New Zealand is full of stirring landscapes, from the Remarkables mountain range to gorgeous Milford Sound. But it would be unthinkable to visit this beautiful country without seeing its most pastoral site – Hobbiton, the movie set of the hobbit village featured in the Lord of the Rings and the Hobbit trilogies.
Since I stayed nearby overnight, I opted for an early morning tour, hoping to avoid big crowds. Many of Hobbiton’s visitors are day-trippers from Auckland, and I assumed the crowds would build later in the day. (They did – my tour had only five people, while the site was quite crowded when we left, just before noon.)
I didn’t know what to expect from the other fans. Of course I’ve watched the LOTR movies dozens of times, but I thought I might be touring with fans dressed as Legolas, and possibly communicating in Elvish. But when our driver took a poll, I was the only one who had read the books, and two passengers hadn’t even seen the movies. (Wait, there are people who haven’t seen the LOTR movies??)
As we drove to the site, we watched a couple of films about the making of the movies and the farm the set was built on. The set of Hobbiton had been torn down after the Lord of the Rings movies, but was rebuilt for the Hobbit trilogy, this time designed to last.
One of the reasons director Peter Jackson chose this property was the 120-year old radiata pine – it’s the tree Bilbo Baggins stands under when he speaks at his eleventy-first birthday in the Fellowship of the Ring. Our guide, Chris, told us the farmer hadn’t read the books and didn’t know who Peter Jackson was, but agreed to let him lease the land. Because the property is so huge, he farmed the rest of his land while Jackson and the film crew worked their movie magic in that section.
Speaking of the party scene, listen for a high-pitched scream when the dragon fireworks go off. That’s Billy Boyd, the actor who played Pippin. He wasn’t expecting the fireworks to actually detonate – he thought they’d be dubbed in later – and he screamed in terror when they did. Jackson loved his impromptu reaction and kept it in the movie.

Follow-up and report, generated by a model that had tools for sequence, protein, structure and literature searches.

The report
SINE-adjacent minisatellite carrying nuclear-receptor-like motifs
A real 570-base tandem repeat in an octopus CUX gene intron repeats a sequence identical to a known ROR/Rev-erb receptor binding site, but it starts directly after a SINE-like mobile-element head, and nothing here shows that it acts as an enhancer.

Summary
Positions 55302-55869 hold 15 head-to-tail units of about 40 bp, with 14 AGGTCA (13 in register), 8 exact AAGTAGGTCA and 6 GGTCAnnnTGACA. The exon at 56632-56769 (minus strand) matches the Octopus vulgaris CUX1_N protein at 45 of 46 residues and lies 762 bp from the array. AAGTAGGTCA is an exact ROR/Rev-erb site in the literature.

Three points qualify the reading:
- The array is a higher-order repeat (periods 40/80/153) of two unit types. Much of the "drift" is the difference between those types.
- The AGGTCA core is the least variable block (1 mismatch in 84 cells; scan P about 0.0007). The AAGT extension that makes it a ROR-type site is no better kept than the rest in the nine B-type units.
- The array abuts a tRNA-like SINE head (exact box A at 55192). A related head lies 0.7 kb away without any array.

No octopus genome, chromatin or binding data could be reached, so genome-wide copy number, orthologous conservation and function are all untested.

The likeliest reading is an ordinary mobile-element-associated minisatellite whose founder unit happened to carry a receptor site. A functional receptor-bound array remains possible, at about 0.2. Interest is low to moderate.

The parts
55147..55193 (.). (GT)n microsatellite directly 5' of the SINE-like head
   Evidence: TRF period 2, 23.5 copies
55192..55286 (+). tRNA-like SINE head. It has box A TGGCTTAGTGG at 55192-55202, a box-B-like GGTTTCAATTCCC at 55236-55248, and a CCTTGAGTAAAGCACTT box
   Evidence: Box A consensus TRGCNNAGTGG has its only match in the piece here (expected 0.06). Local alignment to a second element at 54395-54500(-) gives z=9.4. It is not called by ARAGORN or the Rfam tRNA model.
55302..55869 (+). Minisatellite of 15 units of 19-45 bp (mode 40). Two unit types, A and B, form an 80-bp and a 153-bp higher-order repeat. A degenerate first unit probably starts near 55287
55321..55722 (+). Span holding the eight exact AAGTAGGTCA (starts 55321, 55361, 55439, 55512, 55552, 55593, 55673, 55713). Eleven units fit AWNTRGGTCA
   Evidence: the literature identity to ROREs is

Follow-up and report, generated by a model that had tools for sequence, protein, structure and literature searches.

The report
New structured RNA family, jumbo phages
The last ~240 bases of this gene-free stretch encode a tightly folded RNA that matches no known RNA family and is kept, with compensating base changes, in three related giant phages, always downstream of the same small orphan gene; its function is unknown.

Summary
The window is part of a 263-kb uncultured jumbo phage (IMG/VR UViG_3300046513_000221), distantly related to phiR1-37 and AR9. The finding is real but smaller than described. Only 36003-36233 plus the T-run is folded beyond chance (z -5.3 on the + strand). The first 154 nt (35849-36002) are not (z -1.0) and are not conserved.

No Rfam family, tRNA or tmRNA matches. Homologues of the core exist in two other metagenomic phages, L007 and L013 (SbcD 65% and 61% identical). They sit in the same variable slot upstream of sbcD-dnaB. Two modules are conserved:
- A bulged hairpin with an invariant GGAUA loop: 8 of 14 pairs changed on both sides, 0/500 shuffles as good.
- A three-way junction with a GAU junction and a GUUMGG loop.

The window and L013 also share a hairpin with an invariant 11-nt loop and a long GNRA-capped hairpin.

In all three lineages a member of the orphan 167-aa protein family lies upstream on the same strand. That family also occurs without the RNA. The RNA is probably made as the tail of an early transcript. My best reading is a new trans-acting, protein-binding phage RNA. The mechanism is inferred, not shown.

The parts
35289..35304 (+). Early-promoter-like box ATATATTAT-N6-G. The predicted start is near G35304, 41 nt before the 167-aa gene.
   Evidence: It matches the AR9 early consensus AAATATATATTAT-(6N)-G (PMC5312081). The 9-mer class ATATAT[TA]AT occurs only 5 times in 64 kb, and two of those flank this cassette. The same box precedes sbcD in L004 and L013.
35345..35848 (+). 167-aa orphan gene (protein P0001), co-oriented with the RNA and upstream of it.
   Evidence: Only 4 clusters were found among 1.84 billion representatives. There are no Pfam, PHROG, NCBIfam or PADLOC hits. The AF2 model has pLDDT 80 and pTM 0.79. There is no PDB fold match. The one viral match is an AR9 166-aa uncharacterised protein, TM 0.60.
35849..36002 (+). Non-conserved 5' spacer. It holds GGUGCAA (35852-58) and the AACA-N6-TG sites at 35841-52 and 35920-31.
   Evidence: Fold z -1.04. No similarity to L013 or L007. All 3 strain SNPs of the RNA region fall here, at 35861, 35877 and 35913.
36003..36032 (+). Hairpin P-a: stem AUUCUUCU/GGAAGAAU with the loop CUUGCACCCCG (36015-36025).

Hobbiton is charming, built to look like a small English town. There were many sheep on the farm, but Jackson thought they looked too modern, so he hid them and instead imported Suffolk sheep to appear in the movie. The sheep earned their keep, eating the grass in the village to keep it short.
The books mentioned plum trees which Jackson, a stickler for detail, wanted to recreate. However, plum trees aren’t native to New Zealand, so the crew cultivated apple and pear trees, and a staffer spent hours affixing fake plums on the trees. Unfortunately, after all that work, the scene was cut.
The hobbit holes are charming, and the tour took us past over 40 of them, some with children’s toys, a weaving loom, or a table of fresh baking in the front. Of course, the highlights were Frodo’s house, Bag End (with a green door) and Sam’s house (with a yellow door). Chris told us duplicate doors for these houses were scaled to size, so the hobbits stood next to the taller doors to look small, while Gandalf stood next to shorter doors to accentuate his height.
The pond has its own story. Before the start of filming, Jackson created the pond in the village to add to its pastoral feeling. However, a group of frogs moved in almost immediately, and made so much noise they were drowning out the dialogue. So Jackson hired a diver to remove the frogs, returning them to the pond after filming was finished.
Hobbiton is popular for wedding photos, and a bride and groom were posing next to the Mill while we visited. (I’m pleased to report that they weren’t wearing hobbit ears or feet.) I just hope they’re as happy as Samwise Gamgee and Rosie Cotton.
We finished with refreshments at the Green Dragon. There was no second breakfast on offer, but I did enjoy a Girdley Fine Grain amber ale by the fireplace. As Merry and Pippin sang in The Return of the King:
“The only brew for the brave and true
Comes from the Green Dragon!”
It was a perfect way to end a visit to Middle Earth.
Where to stay
Eldonwood Bed and Breakfast: Set about a kilometer outside the nearby town of Matamata, Eldonwood is a cozy, comfortable B&B with lovely hosts. Breakfasts were delicious, filling, and completely homemade: eggs, potato hash browns, and granola with yogurt will fill you up nicely for a visit to Hobbiton. Hosts Fay and Willie are friendly and hospitable, welcoming visitors to chat or watch TV with them in the evenings.